“There are a lot of Chinese here,” almost every Chinese person tells me. I found myself swiping pictures of construction projects on a phone, the manager saying, “These are all the projects I’ve worked on in my time here.”
“This is in Dushanbe?” I asked.
“No, this one is near Kulob.”
Kulob is a relatively major city to the south of Tajikistan, four hours away by car from Dushanbe on a good day, nestled in the rolling golden hills of the Khatlon region. The Chinese have projects all around the country, even in the remote and forbiddingly mountainous Gorno-Badakhshan Autonomous Province (GBAO). This is an area noted for recent violence between government forces and rebels in 2012 and for its record of supporting separatism during the Tajik Civil war. It was only after this conversation that I realized just how strong the Chinese presence in Central Asia was.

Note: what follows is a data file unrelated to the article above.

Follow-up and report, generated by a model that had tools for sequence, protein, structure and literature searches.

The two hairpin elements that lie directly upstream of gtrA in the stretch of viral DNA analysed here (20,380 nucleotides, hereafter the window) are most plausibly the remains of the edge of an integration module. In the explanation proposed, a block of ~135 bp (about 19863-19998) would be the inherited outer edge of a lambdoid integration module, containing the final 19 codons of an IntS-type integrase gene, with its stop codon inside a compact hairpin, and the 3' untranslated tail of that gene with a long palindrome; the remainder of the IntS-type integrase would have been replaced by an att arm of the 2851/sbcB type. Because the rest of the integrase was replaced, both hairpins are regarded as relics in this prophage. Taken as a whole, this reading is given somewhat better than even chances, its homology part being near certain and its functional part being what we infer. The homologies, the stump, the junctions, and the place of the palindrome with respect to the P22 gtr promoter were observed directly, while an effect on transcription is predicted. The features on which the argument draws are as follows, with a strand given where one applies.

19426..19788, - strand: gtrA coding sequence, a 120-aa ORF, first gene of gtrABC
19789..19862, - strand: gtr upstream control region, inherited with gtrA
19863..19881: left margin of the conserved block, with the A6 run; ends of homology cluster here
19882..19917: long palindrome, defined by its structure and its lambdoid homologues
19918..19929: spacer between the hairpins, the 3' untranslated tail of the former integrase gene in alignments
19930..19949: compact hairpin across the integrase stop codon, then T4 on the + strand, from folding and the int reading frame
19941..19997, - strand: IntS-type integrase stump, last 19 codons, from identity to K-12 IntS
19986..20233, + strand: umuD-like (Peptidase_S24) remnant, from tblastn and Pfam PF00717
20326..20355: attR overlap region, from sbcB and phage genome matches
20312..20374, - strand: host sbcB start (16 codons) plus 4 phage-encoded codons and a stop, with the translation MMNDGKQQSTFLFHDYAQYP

News outlets covering Tajikistan and Central Asia are few and often riddled with skewed, if not outright erroneous, information. An outbreak of violence in Dushanbe on September 4, 2015 was blamed on Islamic militants by many Western outlets, despite insufficient evidence and reasonable cause to suspect other motivations. Far from the Islamic frenzy many Western pundits were eager to point to, the incident was really a politically-motivated rebel group led by a former minister fighting against the central government.